After years of discussion and debate, the University of Minnesota may become a smoke-free campus.
The University Senate passed a resolution Thursday to make the Twin Cities campus tobacco free. To take effect, the resolution must be approved by University President Eric Kaler — who is now in support of making the University a smoke-free campus.
“Since this issue first crossed my desk, the lack of consensus had been one of the holdups,” Kaler said in a statement. “That is no longer a concern. Frankly, it’s about time for us on the Twin Cities campus.”
Dave Golden, chair of the University Senate’s Social Concerns Committee, said the purpose of going tobacco free is to cut down on secondhand smoke exposure.
“We are a campus community that cares about health,” he said.
As recently as September, Kaler was against the University campus going smoke free. But he now said he will “gladly be prepared” to go smoke free once there is a campus-wide consensus on the final plan.
University officials will work on an implementation plan with the framework laid out in the resolution by Boynton Health Service.
Other Minnesota campuses are already smoke or tobacco free, including Minnesota State University-Mankato and the University of Minnesota’s Crookston and Duluth campuses.
Nationwide, more than 800 colleges and universities have gone smoke free, according to the resolution.
But some say these policies are difficult to enforce.
Katie Bobich, a Minnesota State Student Association member at Mankato, said the university’s smoke-free policy only slightly cuts down on smoking and isn’t strongly enforced.
“It’s pretty much a slap on the wrist,” she said.
University of Minnesota biology freshman John Lundquist doesn’t support a smoke-free campus policy and said a ban at the University would be difficult to impose.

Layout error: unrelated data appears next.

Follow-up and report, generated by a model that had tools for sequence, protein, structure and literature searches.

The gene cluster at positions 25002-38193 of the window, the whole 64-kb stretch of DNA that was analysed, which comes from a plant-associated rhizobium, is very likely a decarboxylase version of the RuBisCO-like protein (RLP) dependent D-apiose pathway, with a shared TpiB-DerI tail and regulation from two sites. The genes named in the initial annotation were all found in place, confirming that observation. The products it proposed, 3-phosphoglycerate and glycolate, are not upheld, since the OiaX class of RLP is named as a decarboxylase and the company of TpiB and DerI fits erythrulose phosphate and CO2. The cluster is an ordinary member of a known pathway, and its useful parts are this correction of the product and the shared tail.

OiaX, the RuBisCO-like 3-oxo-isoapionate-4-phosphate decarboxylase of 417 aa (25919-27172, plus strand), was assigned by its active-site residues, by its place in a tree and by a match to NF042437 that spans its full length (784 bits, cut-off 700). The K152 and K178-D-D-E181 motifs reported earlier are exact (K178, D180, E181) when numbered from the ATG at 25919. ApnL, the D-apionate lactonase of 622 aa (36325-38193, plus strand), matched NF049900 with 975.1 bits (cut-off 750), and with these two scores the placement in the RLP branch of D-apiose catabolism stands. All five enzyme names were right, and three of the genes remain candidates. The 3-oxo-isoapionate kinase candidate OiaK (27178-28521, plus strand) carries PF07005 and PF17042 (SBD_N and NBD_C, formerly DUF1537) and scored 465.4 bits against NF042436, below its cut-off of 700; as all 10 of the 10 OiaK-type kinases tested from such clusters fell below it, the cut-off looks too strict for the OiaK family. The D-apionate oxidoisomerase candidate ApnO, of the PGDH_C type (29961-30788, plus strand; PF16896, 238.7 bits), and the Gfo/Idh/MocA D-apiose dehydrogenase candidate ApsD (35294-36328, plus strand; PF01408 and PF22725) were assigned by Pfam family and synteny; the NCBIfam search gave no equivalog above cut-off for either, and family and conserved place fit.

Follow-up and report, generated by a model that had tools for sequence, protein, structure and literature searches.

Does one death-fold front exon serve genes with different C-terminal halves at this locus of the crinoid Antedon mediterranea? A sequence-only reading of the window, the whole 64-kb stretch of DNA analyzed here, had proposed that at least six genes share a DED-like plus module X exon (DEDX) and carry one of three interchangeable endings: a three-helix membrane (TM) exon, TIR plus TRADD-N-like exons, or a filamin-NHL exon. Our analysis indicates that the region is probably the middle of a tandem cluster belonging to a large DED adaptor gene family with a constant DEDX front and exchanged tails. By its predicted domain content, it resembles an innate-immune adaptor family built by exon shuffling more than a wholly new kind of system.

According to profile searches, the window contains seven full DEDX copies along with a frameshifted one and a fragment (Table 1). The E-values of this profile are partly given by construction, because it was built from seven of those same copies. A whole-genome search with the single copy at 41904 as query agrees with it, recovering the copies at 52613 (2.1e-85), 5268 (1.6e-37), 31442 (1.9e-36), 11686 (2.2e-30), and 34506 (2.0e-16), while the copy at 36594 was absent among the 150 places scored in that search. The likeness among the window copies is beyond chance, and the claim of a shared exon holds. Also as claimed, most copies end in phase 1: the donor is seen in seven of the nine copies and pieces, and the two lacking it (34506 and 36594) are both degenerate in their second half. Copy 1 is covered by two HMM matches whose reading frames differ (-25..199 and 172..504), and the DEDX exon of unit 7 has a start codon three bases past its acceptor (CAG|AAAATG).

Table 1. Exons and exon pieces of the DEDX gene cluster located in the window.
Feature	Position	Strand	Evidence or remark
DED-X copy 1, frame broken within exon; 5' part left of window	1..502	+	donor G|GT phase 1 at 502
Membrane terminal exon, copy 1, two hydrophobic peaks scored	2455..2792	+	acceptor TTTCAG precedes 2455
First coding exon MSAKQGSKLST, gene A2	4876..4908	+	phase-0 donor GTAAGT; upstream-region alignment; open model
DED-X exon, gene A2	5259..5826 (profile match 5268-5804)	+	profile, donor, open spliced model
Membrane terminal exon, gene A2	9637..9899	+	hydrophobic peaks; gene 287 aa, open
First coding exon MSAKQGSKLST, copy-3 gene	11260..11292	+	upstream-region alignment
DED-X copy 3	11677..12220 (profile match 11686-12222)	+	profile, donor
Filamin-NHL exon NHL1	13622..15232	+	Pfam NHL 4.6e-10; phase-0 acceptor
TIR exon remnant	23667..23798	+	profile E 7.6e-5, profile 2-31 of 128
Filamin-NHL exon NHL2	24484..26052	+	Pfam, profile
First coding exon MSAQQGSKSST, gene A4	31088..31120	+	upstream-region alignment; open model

“Enforcing [a smoke-free campus] is a big logistical issue,” he said.
Golden said most campuses use communication and social enforcement to impose smoke- or tobacco- free policies.
“We’re not asking police to stand outside and give tickets or anything like that,” he said.
About 3 percent of students on the Twin Cities campus reported daily tobacco use in 2010, according to Boynton’s 2010 College Student Health Survey.
But about 18 percent of students reported using tobacco within the past month, and more than half of those reported doing so outside on campus.
Haley Webb, a speech-language-hearing sciences sophomore, said the amount of smoking on campus was higher than she expected when she started at the University.
“One of the biggest shocks was walking around and everybody was smoking,” she said.
The Minnesota Student Association gave its support for a smoke-free campus in November, although two weeks previously it had shot down a similar measure, alluding to a lack of consensus on campus.
About 47 percent of students support a smoke-free campus policy, according to Boynton’s 2012 College Student Health Survey.
There are also concerns that outlawing smoking on campus would disenfranchise some.
Christopher Sheehy, a University research specialist, said a smoking ban would make the University “anti-competitive” with recruiting professors from other countries.
“Tons of professors smoke,” he said. “I think it would give a bad impression of the attitude [toward smoking].”
Smokers cost the University’s employee benefit program UPlan at least $4 million in claims every year, according to an estimate from the University’s Employee Benefits office.
Smoking is a way for some to “gather their thoughts,” said economics sophomore Matthias Merz, adding that it’s a personal preference.
“It’s a way to take a break,” Merz said.
Electrical engineering sophomore Ethan Yanna said a smoking ban on campus would be tough on smokers.
He said there should be designated areas on campus that allow smoking if a ban goes into place.
“I’m not a big fan of secondhand smoke, but I also think that people deserve the chance [to smoke],” he said. “If they want to, it’s their choice.”